The original Troussaint and the one created for the movie differ. Notably, the movie main double front chain contains fewer stones, and the single back chain was changed from alternating single stones / double marquis with end rounds to a simple chain of single round stones.
Original and movie version.

32885656_195880301059040_5544545725343334400_n.jpg
 
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jwaldo

New Member
Stones.

As much as I'd like to own some 400+ carats of flawless diamonds, budgetary restrictions dictated an alternative strategy. According to notes on the web, Cartier, who created the necklace for the movie, used zircon crystals for the prop. I interpreted zircon crystals to mean cubic zirconia stones. Cubic Zirconia has 1.6 the density of real diamond (heavier), light dispersion of about 0.06 (slightly brighter than diamond), and hardness of 8 or a little more on the Mohs scale (softer than diamond).

Cubic Zirconia (CZ) is the most economically important competitor for diamond. And, cubic zirconia is relatively inexpensive when compared to diamond (really really less expensive). CZ can also be cut into the standard brilliant cuts.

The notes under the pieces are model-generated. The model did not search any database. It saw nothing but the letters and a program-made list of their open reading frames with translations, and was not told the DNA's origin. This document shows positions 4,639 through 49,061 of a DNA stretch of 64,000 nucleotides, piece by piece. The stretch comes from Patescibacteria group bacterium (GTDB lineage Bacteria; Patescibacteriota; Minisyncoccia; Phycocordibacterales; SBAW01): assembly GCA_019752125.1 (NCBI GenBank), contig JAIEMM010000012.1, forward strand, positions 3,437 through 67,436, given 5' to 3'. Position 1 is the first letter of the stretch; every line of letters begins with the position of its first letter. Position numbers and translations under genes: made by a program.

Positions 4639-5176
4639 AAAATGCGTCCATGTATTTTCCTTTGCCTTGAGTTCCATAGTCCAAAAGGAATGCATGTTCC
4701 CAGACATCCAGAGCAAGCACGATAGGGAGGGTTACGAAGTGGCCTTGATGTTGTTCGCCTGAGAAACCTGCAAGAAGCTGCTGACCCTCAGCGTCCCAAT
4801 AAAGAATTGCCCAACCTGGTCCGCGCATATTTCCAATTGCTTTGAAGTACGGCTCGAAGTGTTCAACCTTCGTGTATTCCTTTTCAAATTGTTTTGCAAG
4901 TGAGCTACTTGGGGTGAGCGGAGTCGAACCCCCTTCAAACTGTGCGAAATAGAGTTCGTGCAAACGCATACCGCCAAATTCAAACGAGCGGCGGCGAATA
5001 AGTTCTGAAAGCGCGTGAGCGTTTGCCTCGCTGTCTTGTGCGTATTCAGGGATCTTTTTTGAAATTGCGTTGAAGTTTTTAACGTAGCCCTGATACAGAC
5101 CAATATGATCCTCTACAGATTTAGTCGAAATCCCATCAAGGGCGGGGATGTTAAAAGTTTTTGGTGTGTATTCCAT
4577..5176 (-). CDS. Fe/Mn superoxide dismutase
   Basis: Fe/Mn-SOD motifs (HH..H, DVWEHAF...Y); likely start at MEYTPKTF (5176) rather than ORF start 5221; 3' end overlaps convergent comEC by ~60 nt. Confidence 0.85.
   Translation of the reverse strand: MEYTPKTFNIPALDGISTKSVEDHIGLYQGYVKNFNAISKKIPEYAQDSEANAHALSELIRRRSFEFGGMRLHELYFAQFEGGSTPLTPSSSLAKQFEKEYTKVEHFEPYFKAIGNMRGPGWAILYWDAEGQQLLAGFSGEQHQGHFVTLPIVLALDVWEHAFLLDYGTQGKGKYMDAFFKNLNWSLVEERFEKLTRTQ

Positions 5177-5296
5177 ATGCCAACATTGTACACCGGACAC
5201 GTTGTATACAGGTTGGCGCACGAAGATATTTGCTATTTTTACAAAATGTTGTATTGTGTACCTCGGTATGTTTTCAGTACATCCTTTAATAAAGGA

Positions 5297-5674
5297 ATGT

I created a stones list from my cad drawing and ordered stones from a lapidary lab in Thailand.
 

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jwaldo

New Member
Stones.

As much as I'd like to own some 400+ carats of flawless diamonds, budgetary restrictions dictated an alternative strategy. According to notes on the web, Cartier, who created the necklace for the movie, used zircon crystals for the prop. I interpreted zircon crystals to mean cubic zirconia stones. Cubic Zirconia has 1.6 the density of real diamond (heavier), light dispersion of about 0.06 (slightly brighter than diamond), and hardness of 8 or a little more on the Mohs scale (softer than diamond).

Cubic Zirconia (CZ) is the most economically important competitor for diamond. And, cubic zirconia is relatively inexpensive when compared to diamond (really really less expensive). CZ can also be cut into the standard brilliant cuts.